Theiling Online    Sitemap    Conlang Mailing List HQ   

Re: CHAT: Measurements (was: Re: CHAT: browsers)

From:Tristan <kesuari@...>
Date:Tuesday, February 11, 2003, 15:07
Christophe Grandsire wrote:
> En réponse à Tristan <kesuari@...>: > >>And American people. > > Yes, I meant "English-speaking people", forgetting that not everyone in the > English speaking world follows the same tradition.
Ah ;)
> > And I thought Europe did either 1.000 or 1'000, I >>see them often enough. > > Indeed, 1.000 is the way to go in France, at least in printed material. 1 000 > is good second :)) .
Is there any reason why you have . for thousands and , for decimal? Is that just how it's always been? It seems odd that the English tradition ha(d|s) it vice-versa.
> (Australians do 1 000 unless the subject is >>money, when 1,000 is more common.) (Except that seperations are rare >>in >>four-digit numbers, I imagine because these can be read as either >>'three >>thousand, four hundred', or 'thirty-four hundred', or because of their >>similarity to years, or because a single number by itself might be >>lost >>when there's no signal (like other groups).) > > Or because we don't have a single word for "ten thousands" (which seems to me > to be the definite explanation ;)) ). As for Asian cultures which do have a > single word for "ten thousands" but still group figures in threes, that's due > to the fact that they borrowed the Arabic figures from us without adapting them > to their use.
I'm not sure what ten thousand has to do with this. I'm talking of four-digit numbers i.e. 1000--9999. Having a single word for ten thousand would make no difference as to whether they'res a space (comma, apostrophe, dot) in these, would it?
>>Ah, thanks. Strangely enough, in Chemistry, we would only talk of an >>atmosphere as being 101.2 kPa, and approximable as 100 kPa. > > Indeed, strange. I only ever used kPa for small pressures of a few kPa.
Well, kPa *are* theoretically the 'better' ones. But we have worked out my Chem class was odd.
> France is an interesting case. Millibars were the norm in meteo broadcasts, > until somebody decided that it was nicer to go to hectopascals, more SI ;)) . > So for a decade every meteo broadcast was talking in hPa. But then having the > presentator give exact pressure measurements in each sentence seemed to fall > out of use, and the meteo broadcasts stopped using measurements of pressure at > all (they just talked about "depressions" and "anticyclones").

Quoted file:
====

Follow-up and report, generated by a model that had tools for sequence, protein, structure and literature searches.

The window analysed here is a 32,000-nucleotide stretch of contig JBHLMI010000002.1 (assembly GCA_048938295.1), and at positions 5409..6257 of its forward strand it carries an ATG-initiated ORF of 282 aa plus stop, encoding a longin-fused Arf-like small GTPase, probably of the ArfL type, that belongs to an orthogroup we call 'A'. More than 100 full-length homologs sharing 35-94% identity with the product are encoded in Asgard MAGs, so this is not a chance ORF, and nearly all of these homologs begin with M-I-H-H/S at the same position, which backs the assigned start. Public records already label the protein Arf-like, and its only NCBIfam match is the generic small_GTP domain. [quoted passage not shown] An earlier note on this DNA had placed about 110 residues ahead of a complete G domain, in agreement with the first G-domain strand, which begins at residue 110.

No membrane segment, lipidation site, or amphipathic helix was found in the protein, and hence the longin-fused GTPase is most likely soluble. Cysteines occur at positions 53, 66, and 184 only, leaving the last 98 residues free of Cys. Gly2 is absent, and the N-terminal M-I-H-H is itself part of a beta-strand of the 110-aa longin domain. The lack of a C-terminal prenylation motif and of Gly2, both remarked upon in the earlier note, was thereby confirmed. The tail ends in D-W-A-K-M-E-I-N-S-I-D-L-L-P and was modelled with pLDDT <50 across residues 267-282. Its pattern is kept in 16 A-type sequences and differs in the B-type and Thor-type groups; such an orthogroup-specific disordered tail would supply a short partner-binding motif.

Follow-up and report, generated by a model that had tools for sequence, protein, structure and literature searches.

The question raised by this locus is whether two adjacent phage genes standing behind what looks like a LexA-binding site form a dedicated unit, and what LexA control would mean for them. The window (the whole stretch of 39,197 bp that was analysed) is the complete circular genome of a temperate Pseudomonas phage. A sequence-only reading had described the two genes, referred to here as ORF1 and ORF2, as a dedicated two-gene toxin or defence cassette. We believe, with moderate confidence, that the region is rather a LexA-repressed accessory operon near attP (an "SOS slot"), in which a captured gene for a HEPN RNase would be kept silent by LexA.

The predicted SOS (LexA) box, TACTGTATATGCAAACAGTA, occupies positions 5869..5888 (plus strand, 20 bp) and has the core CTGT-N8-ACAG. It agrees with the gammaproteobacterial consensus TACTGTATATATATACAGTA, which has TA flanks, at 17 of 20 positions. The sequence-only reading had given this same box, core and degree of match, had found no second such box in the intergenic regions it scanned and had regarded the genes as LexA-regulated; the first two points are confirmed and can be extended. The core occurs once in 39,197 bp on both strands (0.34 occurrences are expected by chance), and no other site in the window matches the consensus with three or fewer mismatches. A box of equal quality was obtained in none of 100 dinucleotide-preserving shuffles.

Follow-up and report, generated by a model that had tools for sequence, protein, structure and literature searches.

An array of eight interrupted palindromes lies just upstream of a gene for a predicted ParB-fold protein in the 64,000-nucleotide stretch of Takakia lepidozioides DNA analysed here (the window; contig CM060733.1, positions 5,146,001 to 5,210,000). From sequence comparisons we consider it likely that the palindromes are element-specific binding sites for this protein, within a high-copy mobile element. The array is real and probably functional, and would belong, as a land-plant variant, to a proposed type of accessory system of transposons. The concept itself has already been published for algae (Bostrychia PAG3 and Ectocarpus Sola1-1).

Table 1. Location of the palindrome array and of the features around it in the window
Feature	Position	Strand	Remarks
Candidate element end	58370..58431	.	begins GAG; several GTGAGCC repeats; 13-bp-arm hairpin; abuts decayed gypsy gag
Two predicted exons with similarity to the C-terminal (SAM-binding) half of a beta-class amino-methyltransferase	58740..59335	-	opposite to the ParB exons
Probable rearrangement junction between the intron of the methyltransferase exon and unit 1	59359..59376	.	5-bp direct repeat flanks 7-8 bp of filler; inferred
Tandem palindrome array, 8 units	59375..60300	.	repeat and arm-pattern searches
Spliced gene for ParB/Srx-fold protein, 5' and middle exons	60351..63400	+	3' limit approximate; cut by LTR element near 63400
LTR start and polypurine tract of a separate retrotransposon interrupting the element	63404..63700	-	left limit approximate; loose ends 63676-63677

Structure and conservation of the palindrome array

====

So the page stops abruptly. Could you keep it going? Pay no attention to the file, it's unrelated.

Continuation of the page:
? I take it that those are highs and lows? The numbers are never mentioned by the weathermen, but when they're written, the legend normally gives them as hPa.
> Lately, I've not > been much in France, but for the little I've seen, there's a return of the > actual pressure measurements, which are given again in millibars! (which sounds > terribly old-fashioned to me, but for people younger than me is brand new ;)) )
Lol ;)
>>The Australian Style Guide recommends the use of thousands prefixes, >>so it seems like someone decided it was better. > > Or rather that someone sanctioned an already common use into a rule. It is not > the same thing.
Yeah, I said 'seems' (i.e. appears).
> > And committee is spelt >>with a double m, a double t and a double e. > > Thanks! Although I've seen comity too. Does it have a different meaning?
I've never heard of it, but M.-W. has: <>. Tristan.


Christophe Grandsire <christophe.grandsire@...>